In a recent workshop I heard some exasperated environmental leaders say, “People have to change but no one is hearing our message. We need to say it over and over again until they get it!” I’ve heard this many times in many forms – from advocates, educators, scientists, policymakers, funders, and communicators doing the good work of supporting healthy communities and a healthy planet.
I still cringe every time I hear it.
Change requires learning, but we don’t learn by being told what to think. The key to our learning is to be engaged in the thinking and the doing, instead of being told what to think and do.
The patterns of our Western style of learning – where we are “taught” through one-sided lectures in quiet classrooms – spills over into the way we do our work for the environment, conservation, and environmental justice. Interestingly, even those in higher education are beginning to see the need for learner-centered engaged learning processes, as discussed in this recent Washington Post article about medical school.
In all of ICL’s offerings, we are guided by the principles of adult learning and engagement. We’ve recently dug back into the work of Jane Vella, a renowned adult education expert. Below are a couple of her principles from her book, Taking Learning to Task, that are especially relevant to those of us seeking to shift our audiences’ thinking in a meaningful way:
- Telling is not teaching: Vella encourages the use of “learning tasks” that allow the participant to grow through application, testing, re-construction, and examination of the content through their own experience. This is in stark contrast to the telling, where the content is merely heard, not examined or personalized.
- Engagement: Without the engagement of the learners, there is no lasting learning. Vella cites the example of the film, The Dead Poets Society, where the students were so fired up by their class that they took it upon themselves to creep out of their dorms in the night to recite poetry to one another.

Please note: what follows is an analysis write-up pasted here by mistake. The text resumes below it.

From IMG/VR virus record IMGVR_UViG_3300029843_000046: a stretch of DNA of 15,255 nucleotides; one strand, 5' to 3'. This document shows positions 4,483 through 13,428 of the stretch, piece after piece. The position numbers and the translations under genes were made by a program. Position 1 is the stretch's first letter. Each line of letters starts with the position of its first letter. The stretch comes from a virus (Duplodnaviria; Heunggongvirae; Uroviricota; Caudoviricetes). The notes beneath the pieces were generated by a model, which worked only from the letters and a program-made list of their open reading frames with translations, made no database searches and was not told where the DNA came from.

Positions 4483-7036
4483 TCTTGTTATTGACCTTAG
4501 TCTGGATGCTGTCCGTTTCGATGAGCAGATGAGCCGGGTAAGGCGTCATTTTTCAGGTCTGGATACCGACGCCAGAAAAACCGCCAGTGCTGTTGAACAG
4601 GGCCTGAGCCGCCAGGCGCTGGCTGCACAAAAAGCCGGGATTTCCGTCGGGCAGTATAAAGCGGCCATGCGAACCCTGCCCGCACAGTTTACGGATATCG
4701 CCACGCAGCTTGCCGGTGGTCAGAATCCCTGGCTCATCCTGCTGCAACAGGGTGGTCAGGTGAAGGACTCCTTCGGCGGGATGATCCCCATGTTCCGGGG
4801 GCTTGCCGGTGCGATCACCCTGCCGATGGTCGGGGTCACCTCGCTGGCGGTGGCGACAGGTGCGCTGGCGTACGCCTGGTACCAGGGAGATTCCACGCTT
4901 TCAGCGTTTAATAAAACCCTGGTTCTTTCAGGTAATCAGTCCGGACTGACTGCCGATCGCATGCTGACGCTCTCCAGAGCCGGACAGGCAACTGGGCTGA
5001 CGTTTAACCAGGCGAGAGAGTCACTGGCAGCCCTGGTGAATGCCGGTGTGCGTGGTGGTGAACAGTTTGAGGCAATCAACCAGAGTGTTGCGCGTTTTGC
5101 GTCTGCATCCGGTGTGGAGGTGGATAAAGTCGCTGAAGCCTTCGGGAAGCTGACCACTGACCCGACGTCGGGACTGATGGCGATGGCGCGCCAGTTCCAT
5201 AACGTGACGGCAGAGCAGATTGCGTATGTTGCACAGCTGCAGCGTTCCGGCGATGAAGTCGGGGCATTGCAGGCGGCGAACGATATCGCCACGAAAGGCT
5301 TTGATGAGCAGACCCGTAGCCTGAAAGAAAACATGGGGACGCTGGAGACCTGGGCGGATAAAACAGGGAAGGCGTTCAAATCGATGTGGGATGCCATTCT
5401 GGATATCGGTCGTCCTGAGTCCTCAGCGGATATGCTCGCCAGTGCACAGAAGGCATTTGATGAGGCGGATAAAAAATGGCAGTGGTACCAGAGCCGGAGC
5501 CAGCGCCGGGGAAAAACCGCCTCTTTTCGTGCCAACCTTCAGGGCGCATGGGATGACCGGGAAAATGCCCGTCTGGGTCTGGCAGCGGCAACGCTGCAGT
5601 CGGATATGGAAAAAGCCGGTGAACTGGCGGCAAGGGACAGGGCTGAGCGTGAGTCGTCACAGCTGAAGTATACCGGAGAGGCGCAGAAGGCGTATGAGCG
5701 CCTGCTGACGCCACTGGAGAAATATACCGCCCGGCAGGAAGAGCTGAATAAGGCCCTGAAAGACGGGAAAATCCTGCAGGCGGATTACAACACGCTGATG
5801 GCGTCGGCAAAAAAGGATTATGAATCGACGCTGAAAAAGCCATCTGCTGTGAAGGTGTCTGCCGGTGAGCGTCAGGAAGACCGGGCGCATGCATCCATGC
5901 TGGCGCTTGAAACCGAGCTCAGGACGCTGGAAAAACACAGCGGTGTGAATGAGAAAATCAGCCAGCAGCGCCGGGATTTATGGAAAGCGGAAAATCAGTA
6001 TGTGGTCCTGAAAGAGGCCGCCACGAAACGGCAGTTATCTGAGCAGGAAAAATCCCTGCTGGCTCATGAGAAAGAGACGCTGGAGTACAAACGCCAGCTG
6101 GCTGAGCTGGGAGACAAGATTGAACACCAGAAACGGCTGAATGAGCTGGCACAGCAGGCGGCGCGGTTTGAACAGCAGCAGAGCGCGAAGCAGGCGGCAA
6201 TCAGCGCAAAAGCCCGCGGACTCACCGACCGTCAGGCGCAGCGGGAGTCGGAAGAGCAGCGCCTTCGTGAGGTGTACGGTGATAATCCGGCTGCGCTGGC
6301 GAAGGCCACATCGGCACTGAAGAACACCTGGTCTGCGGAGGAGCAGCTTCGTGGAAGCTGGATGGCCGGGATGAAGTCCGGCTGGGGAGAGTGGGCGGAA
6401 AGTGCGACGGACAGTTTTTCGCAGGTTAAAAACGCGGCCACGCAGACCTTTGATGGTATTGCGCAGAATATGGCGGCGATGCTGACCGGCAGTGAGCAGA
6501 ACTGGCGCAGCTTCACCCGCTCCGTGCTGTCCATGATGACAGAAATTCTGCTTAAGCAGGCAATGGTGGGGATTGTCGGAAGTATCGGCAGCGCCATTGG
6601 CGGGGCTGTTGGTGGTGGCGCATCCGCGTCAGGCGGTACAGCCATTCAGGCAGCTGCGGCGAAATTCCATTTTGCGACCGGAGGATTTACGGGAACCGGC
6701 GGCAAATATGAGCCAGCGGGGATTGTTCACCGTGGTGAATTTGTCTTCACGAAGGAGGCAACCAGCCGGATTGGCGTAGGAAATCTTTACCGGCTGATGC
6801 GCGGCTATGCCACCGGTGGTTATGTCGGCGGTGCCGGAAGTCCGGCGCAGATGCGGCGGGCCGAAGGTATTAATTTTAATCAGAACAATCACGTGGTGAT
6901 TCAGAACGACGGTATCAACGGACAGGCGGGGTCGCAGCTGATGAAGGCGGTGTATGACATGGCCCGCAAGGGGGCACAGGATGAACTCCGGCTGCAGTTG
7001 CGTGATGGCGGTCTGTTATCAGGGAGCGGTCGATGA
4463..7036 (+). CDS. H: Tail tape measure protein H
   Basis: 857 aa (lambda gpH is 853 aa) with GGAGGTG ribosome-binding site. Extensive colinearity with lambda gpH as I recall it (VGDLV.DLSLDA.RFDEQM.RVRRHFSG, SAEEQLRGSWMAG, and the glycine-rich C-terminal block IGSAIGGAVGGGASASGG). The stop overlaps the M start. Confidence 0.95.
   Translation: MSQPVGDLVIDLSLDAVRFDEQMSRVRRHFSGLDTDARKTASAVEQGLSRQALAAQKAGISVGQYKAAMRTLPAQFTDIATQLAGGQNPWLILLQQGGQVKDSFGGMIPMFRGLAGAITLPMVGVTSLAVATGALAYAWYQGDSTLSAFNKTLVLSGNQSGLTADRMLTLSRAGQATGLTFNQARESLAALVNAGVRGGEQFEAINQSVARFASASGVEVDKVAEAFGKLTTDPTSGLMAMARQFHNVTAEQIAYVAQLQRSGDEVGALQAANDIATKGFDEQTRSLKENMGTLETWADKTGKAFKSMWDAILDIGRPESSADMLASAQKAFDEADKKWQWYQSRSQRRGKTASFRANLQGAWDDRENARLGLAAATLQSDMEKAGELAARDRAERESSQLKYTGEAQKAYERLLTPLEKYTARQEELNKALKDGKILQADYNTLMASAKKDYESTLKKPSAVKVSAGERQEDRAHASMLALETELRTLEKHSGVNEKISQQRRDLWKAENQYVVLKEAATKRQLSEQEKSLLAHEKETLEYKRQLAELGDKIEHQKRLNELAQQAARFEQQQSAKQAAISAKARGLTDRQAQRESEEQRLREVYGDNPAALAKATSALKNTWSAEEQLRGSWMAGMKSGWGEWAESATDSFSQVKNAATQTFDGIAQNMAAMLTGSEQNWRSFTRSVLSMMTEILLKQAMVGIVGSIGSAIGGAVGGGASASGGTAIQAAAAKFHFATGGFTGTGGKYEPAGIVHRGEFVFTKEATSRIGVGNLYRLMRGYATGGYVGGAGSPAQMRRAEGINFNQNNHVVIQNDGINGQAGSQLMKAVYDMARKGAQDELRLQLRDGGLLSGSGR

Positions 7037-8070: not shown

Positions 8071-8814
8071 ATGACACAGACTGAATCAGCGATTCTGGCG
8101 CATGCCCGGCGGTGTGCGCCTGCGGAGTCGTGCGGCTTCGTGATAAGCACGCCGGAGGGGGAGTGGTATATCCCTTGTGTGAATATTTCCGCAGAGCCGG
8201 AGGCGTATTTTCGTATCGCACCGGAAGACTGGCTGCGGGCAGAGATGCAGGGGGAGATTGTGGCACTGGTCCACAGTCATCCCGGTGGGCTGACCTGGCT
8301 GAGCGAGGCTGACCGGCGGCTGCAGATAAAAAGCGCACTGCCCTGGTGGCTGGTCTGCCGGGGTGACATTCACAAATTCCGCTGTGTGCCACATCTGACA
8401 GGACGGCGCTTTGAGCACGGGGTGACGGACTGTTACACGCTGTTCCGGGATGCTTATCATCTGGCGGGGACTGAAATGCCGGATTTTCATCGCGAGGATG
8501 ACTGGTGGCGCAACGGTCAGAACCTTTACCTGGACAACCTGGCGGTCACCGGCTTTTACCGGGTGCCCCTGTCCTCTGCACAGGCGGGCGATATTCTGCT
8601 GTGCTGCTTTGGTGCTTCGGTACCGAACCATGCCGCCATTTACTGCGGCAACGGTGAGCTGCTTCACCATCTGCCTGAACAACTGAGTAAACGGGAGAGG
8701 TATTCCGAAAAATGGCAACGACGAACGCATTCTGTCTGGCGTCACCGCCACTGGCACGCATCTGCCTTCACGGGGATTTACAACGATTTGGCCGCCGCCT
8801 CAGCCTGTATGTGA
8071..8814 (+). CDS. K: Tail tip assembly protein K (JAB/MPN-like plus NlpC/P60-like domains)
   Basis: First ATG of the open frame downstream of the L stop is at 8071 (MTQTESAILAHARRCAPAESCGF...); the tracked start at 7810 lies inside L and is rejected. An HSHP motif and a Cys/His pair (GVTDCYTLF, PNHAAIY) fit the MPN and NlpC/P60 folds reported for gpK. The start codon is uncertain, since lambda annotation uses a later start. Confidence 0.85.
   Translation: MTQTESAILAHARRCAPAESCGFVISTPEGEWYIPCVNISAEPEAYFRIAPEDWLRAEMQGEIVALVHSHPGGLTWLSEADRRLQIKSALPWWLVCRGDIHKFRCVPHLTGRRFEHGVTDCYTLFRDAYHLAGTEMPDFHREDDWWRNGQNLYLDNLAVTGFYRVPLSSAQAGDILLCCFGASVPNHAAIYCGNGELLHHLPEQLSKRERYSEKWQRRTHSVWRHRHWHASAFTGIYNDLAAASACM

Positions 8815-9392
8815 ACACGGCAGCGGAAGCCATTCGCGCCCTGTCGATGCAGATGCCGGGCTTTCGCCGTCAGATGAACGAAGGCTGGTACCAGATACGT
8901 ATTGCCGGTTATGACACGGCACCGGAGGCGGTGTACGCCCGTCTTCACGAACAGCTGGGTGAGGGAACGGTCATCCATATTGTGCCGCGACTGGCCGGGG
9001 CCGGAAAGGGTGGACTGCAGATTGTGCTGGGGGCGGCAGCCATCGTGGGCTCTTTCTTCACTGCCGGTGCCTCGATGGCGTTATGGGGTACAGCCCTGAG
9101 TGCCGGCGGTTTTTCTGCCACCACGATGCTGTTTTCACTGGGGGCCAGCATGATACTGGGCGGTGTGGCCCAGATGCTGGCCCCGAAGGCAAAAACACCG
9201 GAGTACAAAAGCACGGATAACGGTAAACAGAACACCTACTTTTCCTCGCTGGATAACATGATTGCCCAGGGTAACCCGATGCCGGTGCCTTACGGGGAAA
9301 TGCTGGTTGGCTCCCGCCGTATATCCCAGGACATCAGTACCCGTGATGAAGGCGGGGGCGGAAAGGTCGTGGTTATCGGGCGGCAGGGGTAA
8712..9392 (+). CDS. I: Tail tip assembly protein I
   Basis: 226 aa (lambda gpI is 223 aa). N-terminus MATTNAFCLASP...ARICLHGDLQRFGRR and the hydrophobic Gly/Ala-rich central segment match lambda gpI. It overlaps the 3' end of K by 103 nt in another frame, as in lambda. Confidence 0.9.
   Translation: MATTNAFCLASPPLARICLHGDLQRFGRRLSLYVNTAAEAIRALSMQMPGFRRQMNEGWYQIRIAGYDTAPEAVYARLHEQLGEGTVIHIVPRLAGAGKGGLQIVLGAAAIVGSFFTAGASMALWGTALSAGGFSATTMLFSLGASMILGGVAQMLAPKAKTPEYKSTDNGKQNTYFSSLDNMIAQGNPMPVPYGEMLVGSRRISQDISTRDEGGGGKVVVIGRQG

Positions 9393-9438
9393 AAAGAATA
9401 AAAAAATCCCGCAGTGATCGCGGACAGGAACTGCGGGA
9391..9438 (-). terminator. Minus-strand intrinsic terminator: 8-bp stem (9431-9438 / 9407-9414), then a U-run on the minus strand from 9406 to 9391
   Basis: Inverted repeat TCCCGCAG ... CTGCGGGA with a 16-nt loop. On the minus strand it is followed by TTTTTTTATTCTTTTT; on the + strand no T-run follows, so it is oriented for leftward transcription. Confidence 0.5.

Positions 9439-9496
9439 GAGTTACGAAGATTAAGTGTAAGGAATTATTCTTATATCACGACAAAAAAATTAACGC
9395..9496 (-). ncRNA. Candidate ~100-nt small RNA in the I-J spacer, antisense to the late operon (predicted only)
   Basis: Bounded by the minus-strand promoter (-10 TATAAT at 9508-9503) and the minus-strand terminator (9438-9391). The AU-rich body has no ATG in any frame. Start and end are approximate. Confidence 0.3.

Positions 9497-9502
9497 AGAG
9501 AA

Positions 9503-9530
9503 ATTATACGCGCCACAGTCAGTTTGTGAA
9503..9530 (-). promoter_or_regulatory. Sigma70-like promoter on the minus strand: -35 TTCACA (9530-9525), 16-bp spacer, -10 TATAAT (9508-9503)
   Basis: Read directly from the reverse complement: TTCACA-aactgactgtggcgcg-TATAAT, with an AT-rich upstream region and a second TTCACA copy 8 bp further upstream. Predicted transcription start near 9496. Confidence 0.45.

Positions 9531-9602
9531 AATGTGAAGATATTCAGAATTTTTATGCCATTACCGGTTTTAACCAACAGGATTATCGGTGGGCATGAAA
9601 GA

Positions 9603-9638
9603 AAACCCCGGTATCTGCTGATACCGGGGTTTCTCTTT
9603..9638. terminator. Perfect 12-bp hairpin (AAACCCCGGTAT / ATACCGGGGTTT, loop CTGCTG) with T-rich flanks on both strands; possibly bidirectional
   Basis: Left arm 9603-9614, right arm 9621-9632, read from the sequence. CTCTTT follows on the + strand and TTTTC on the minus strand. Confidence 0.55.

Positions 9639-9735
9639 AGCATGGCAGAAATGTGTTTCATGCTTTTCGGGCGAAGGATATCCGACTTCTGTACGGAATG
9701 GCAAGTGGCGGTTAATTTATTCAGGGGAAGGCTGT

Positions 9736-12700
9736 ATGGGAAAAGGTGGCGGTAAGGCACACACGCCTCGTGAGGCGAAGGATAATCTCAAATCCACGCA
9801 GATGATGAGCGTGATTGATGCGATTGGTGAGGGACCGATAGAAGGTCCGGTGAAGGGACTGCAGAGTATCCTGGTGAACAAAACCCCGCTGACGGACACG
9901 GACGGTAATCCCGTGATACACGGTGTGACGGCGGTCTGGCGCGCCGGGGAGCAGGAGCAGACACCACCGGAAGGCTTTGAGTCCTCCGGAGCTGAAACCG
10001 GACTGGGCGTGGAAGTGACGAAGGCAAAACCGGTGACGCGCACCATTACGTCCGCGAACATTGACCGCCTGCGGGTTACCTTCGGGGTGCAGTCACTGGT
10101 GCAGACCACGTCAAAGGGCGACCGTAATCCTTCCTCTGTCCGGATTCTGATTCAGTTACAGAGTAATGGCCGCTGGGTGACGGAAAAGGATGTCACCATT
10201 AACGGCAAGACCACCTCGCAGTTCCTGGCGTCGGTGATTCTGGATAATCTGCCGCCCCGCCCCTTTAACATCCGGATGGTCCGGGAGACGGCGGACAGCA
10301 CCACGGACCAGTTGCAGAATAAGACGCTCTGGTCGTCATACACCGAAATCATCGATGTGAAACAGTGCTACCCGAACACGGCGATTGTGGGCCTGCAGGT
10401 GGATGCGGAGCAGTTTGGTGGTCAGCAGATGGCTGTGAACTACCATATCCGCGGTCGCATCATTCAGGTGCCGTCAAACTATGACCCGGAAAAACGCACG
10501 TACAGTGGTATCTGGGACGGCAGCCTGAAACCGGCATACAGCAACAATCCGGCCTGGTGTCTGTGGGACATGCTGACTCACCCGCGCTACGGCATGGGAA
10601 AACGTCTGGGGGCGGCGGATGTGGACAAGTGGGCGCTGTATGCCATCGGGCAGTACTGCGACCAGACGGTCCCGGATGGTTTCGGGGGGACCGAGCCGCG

- Learner as subject, not object: Vella cites the German philosopher Hegel, who observed that people want to be in charge of their own lives and not be objects to be used by others. Open questions and applied learning support this principle and allows for learners to recognize themselves as the architects of their own learning.
Now is an opportunity to reflect on how you are “changing” minds. Pick one of these principles that makes the most sense in your leadership context and then answer the following question: How might applying that principle change your leadership approach, workshop design, or meeting agenda?
As we engage those we need to reach, we must remember how change really happens. To change our opinion or the knowledge that informs our actions requires us to change.
Take the next step: get a certificate in training, facilitation, and consulting!
Are you interested in kicking your outreach and engagement skills into high gear? ICL recently began a partnership with Marlboro College to create a certificate program around the principles listed above to support those who lead learning processes such as training, facilitation, and consulting. Apply before the 15th of August for an early bird discount!